Libyans outraged at Bulgaria pardon

Families of the infected children say the medics should be re-arrested by Interpol.

    The Bulgarian president pardoned the medics immediately after they arrived in Bulgaria [AFP]

    "The families expressed their condemnation and resentment at the recklessness of the Bulgarian nation when the Bulgarian president pardoned the nurses," the Libyan Association for the Families of HIV-Infected Children said.

     

    Sentences commuted

     

    Last week, Libya commuted death sentences against the five Bulgarian nurses and Palestinian doctor to life in prison following a financial settlement of $1 million each to 460 HIV victims' families.

       

    The medics, who spent eight years in jail, had always said they were innocent and were tortured to confess.

     

    They held a news conference in Sofia, the Bulgarian capital, to give their first full comments on their ordeal.

     

    Ashraf Alhajouj, the released doctor, said: "I thank all the people in Bulgaria.

    "I was told I would be transferred to Bulgaria - I said "for sure" as I no longer wanted to be in the Arab world.

    "I am really disappointed with the whole Arab world and the how they have taken our case.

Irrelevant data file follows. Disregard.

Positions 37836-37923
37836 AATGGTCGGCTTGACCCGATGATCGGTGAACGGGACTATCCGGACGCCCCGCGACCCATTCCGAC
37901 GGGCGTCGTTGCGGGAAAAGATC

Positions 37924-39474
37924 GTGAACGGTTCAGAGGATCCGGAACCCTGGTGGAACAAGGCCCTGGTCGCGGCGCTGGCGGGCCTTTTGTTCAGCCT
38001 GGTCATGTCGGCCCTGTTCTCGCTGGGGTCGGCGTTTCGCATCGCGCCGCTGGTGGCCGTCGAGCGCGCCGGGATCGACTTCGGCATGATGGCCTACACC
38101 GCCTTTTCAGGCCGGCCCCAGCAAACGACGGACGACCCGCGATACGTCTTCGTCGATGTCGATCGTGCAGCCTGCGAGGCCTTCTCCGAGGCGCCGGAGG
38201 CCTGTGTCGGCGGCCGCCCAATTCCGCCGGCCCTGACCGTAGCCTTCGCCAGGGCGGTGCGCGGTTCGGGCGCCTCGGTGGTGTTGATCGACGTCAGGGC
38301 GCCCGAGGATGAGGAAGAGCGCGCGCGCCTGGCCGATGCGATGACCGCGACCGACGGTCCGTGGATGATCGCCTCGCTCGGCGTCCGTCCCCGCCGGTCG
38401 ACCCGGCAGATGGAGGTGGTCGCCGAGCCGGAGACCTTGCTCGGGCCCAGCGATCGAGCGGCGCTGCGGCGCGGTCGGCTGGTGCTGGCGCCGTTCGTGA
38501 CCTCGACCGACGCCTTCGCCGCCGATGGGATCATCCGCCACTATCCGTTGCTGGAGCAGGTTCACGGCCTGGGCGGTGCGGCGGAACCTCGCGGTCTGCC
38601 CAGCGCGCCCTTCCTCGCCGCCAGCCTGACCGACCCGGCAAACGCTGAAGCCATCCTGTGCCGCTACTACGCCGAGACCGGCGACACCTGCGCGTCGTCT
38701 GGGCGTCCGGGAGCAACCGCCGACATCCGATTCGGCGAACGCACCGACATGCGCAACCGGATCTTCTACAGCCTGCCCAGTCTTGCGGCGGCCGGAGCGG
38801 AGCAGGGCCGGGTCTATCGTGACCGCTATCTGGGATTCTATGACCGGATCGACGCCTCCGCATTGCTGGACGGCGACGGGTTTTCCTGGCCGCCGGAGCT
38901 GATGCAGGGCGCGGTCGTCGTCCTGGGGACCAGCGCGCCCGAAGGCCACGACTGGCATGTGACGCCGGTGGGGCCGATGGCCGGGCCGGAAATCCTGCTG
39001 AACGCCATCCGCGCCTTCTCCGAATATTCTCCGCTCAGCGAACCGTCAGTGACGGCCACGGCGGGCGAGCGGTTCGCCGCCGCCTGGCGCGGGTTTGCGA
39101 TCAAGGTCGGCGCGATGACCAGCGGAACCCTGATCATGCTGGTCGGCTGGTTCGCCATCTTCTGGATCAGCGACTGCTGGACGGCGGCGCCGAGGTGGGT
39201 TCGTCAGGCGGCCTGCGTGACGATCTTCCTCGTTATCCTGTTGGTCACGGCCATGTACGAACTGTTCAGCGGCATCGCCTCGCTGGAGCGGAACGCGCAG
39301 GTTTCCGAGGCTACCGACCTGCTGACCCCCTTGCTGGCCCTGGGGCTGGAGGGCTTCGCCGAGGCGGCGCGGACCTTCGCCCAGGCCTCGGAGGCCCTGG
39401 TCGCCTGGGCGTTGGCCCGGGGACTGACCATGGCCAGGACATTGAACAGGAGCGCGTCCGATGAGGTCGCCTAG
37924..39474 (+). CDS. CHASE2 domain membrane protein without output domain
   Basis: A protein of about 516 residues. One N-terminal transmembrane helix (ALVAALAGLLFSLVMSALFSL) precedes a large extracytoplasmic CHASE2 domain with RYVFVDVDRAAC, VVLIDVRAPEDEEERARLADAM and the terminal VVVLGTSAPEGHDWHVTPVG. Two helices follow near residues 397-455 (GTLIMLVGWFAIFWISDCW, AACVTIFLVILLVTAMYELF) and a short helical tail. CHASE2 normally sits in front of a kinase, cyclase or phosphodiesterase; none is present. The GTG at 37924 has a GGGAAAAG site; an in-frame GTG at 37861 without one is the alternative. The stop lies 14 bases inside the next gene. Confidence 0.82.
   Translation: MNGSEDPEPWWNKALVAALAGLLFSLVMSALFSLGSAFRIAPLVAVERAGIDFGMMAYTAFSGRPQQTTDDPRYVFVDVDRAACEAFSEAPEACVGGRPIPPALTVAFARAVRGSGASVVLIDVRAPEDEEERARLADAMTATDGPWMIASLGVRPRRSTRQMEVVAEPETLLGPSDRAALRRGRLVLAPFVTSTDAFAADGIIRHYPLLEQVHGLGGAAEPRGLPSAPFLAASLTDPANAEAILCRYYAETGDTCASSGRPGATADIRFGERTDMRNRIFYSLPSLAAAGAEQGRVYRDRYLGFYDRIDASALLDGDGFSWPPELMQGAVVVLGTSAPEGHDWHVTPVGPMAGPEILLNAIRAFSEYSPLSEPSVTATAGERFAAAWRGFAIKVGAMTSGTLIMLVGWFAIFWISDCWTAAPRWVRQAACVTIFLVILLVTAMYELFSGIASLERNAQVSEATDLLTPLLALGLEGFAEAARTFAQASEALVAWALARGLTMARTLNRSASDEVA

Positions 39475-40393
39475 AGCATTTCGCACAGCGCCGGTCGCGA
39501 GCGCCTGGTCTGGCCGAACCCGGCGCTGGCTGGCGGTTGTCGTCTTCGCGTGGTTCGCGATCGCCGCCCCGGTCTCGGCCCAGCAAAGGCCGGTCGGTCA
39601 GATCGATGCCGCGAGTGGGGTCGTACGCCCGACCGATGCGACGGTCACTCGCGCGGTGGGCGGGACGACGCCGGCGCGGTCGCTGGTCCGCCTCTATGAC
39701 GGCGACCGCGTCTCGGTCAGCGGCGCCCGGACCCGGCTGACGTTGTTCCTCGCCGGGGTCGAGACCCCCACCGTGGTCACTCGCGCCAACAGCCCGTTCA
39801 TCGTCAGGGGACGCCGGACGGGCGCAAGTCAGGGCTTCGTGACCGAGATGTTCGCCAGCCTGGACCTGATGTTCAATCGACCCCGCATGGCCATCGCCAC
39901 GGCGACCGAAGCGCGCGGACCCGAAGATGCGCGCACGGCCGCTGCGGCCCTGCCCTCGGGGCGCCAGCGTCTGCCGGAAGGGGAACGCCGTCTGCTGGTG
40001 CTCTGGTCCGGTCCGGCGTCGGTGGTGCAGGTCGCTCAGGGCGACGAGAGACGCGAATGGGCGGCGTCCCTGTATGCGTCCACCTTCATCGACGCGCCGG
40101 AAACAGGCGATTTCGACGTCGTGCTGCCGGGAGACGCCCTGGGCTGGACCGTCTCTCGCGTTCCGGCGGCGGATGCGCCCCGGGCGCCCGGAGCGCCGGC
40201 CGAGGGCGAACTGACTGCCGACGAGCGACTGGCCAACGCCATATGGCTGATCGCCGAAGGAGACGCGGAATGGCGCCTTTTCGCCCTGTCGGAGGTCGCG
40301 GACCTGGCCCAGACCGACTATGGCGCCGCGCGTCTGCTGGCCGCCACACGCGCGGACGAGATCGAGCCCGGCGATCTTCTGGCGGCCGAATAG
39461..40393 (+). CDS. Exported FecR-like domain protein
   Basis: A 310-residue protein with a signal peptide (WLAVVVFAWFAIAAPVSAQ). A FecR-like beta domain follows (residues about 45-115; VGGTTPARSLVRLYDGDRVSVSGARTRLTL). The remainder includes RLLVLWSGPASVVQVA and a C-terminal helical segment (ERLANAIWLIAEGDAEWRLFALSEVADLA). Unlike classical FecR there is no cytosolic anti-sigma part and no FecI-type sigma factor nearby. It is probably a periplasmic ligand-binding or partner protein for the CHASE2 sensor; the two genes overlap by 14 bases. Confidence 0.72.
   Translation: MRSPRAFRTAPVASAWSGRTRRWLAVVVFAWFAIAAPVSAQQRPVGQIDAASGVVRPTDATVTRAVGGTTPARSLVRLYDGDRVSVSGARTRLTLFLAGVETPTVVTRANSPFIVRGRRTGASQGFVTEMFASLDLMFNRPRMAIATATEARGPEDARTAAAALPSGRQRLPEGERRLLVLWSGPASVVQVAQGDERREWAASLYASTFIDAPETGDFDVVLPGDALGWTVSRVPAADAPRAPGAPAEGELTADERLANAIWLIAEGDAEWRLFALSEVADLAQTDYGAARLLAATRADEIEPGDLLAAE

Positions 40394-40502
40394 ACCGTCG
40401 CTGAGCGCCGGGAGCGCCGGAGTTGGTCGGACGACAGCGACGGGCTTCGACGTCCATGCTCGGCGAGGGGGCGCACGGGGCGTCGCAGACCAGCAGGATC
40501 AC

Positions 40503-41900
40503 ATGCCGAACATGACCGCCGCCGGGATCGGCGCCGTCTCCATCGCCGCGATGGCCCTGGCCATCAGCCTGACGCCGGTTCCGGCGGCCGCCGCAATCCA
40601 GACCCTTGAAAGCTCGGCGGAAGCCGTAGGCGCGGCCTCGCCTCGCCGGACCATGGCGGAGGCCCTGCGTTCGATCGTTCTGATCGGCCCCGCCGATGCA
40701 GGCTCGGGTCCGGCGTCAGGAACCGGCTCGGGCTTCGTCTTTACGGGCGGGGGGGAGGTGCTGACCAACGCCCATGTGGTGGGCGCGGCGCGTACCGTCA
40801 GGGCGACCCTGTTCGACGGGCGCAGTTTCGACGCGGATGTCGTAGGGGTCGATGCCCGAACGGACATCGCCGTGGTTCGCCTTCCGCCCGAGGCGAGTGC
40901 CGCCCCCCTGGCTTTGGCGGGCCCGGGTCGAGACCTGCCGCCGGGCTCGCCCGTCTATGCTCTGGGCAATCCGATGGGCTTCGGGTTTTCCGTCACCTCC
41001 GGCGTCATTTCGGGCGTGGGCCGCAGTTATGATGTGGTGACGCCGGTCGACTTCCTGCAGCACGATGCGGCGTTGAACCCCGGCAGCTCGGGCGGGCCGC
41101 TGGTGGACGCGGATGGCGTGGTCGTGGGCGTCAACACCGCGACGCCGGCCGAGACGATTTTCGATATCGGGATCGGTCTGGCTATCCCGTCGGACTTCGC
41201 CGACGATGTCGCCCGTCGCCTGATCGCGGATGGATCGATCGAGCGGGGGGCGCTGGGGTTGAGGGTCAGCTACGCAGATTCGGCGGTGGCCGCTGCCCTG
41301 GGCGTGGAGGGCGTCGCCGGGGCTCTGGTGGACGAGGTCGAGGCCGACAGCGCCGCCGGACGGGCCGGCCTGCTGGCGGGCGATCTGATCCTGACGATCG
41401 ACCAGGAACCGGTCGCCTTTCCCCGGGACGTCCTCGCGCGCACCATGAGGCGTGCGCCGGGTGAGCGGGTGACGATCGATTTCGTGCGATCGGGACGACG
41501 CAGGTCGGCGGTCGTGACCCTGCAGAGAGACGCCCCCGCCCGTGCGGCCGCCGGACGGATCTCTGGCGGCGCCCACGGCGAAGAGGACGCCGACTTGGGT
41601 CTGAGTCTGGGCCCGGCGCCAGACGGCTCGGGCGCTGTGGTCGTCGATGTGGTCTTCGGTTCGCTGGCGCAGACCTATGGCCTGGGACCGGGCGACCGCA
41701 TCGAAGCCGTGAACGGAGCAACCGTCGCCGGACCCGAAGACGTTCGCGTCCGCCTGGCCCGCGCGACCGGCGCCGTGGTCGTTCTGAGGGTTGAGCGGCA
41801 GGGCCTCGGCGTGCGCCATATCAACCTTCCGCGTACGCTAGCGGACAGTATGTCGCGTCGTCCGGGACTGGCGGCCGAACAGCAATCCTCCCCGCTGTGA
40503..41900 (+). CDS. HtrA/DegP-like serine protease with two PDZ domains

"It is a matter of time, I don't know when, only God knows when, and the truth will come out."

    Debt proposal

    The Bulgarian prime minister earlier said Libya's foreign debt to the country may be written off.

    Sergei Stanishev insisted the gesture would be part of humanitarian aid measures rather than "paying ransom" for the release of six health workers.

    If Sofia writes off the Libyan debt, accrued for arms deliveries and technical assistance during the communist era, the money would be recycled into an international fund set up to help the families of more than 400 HIV victims.

    The six health workers were flown to Sofia on a French jet after the EU, which Bulgaria joined in January, brokered a last-minute deal on medical aid and political ties with Libya.

    Bulgaria and its western allies have said the six were innocent and suggested that not freeing them would hurt Libya's efforts to emerge from decades of diplomatic isolation.

    Nicolas Sarkozy, the French president, is due in Libya on Wednesday and is said to be seeking deeper political and commercial ties with the North African country.

    SOURCE: Agencies


    YOU MIGHT ALSO LIKE

    'We were forced out by the government soldiers'

    'We were forced out by the government soldiers'

    We dialled more than 35,000 random phone numbers to paint an accurate picture of displacement across South Sudan.

    Interactive: Plundering Cambodia's forests

    Interactive: Plundering Cambodia's forests

    Meet the man on a mission to take down Cambodia's timber tycoons and expose a rampant illegal cross-border trade.

    Pakistan's tribal areas: 'Neither faith nor union found'

    Pakistan's tribal areas: 'Neither faith nor union found'

    Residents of long-neglected northwestern tribal belt say incorporation into Pakistan has left them in a vacuum.